Luggage for 6 months in Thailand

When we moved to Germany we took a moving truck with 30 boxes plus stand alone furniture like our son’s cot. When we moved to Chiang Mai two years later we took 2 suitcases, 2 rucksacks and a carry on bag. We vowed not to repeat the palaver of Germany, so were forced into a minimalist move. We only kept the bare minimum (no more moving truck with 30 boxes!). If we didn’t need it for 6 months (or longer) then we probably didn’t need it at all.

Here are some articles on minimalism:

The purge

Minimalist travel for the modern family

Why declutter your home


Living in Chiang Mai

Thinking of moving to Chiang Mai, Thailand? Or just want to see what it might be like? Read on. We’ve pulled together lots of tips and hints that we wish we’d had when making our move.

Visas for Thailand

Anyone coming to Thailand will need either a visa or a visa waiver. For stays over 30 days everyone needs a visa for Thailand.

The type of visa you need will change depending on which country you come from. We recommend you visit the Thai Embassy website to determine the correct type of visa for you.

We were coming to Thailand as a family of 4 for 6 months and focussed on visitor visas. Here are some articles on our experiences:

Choosing a type of visa for entry to Thailand for families

Getting a multi entry visa to Thailand for families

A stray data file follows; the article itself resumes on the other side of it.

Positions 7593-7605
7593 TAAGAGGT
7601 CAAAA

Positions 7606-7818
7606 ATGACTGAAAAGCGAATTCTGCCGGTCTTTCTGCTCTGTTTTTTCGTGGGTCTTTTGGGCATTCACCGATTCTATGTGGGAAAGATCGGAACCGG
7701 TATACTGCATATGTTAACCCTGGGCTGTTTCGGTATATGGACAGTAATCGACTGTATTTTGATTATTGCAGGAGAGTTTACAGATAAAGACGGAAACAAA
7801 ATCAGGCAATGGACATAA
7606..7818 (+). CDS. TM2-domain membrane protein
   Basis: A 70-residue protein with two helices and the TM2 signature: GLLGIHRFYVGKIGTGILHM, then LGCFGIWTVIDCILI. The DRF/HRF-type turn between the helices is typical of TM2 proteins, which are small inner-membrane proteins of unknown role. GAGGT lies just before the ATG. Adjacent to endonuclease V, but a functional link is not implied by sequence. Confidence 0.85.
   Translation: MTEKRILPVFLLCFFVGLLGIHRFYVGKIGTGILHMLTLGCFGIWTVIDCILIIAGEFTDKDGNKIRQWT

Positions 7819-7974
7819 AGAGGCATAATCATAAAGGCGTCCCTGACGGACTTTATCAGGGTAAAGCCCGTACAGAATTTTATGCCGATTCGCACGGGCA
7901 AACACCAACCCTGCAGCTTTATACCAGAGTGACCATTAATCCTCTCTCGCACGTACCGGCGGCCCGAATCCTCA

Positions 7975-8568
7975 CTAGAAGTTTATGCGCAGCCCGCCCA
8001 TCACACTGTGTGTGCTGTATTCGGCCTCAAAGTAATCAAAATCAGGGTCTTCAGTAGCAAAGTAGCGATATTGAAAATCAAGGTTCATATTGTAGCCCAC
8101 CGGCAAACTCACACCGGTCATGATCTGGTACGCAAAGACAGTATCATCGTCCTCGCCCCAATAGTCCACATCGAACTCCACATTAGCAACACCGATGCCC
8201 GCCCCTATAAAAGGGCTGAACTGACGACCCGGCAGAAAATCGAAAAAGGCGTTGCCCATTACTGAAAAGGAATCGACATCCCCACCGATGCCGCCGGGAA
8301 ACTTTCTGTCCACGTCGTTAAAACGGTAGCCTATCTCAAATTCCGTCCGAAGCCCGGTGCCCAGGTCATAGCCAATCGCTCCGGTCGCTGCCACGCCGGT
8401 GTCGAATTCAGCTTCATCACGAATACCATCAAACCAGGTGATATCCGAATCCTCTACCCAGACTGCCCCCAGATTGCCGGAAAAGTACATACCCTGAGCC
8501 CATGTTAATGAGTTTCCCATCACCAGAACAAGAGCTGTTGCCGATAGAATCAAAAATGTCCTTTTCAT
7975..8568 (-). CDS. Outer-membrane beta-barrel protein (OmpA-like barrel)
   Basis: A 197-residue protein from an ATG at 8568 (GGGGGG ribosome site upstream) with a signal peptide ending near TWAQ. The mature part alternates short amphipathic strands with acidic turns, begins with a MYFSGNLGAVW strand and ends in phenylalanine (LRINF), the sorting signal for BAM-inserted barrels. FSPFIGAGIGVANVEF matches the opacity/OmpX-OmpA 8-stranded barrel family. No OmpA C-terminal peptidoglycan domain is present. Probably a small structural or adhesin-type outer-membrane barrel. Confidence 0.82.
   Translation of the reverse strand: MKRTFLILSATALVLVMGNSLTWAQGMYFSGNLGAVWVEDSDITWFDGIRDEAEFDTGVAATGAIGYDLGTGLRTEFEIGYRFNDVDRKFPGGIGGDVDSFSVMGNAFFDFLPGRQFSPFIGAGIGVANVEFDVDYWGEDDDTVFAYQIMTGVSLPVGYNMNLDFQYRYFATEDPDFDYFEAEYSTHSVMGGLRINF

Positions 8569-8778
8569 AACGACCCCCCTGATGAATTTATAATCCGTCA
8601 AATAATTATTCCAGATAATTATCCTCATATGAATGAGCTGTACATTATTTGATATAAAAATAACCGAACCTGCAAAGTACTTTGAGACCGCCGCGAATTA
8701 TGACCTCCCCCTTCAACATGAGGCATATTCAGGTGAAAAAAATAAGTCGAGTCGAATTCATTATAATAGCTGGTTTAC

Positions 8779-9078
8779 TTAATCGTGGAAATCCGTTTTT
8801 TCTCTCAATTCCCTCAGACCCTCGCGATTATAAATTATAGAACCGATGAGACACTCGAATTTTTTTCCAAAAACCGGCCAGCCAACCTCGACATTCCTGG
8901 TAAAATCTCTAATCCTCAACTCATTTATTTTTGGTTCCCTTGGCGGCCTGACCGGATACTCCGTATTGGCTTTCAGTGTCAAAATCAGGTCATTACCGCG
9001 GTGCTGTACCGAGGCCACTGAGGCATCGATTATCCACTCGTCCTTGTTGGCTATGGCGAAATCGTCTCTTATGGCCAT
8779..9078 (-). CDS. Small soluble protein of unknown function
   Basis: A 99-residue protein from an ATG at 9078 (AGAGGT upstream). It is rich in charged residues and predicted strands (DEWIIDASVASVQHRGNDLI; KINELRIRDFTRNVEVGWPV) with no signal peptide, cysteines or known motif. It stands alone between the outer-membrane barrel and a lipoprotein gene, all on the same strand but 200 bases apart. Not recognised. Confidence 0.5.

First few weeks in Thailand

The first few weeks living abroad in a new country can be crucial. This is where you get to know the place that you now call home! Here are some articles on what we did when we first moved here:

Our first week living in Thailand

Living in Thailand with small children – initial thoughts

Searching for our dream house in Chiang Mai

Learning a foreign language

Part of the fun and challenge of living abroad is learning a new language. The good news is that in this age of digital media there are lots of things to help you. Here are some of our favourites:

Duolingo – A great little app that challenges you to learn for 10 minutes a day. They use gamification techniques to keep you learning. You can choose which sections to focus on (within reason), so you can tailor your learning to things you’re interested in. We used this to help learn German.

Memrise – A series of courses that use memes and other psychological tools to help you learn languages. Their Thai courses were some of the best I could find on the web.

Fluentin3months – An excellent, entertaining blog by Benny Lewis. He travels all over the world and picks up languages as he goes. It was this blog that gave me the confidence to start learning Thai.

BBC languages  – Essential phrases in almost 40 languages

Internet polyglot – A resource to help memorise words and phrases from other languages

Learning Thai

We set ourselves a 2 week challenge to get started. You can follow our progress of learning this amazing language here:

Learn Thai in 2 weeks

The most common letters in the Thai alphabet (Learn Thai challenge day 1)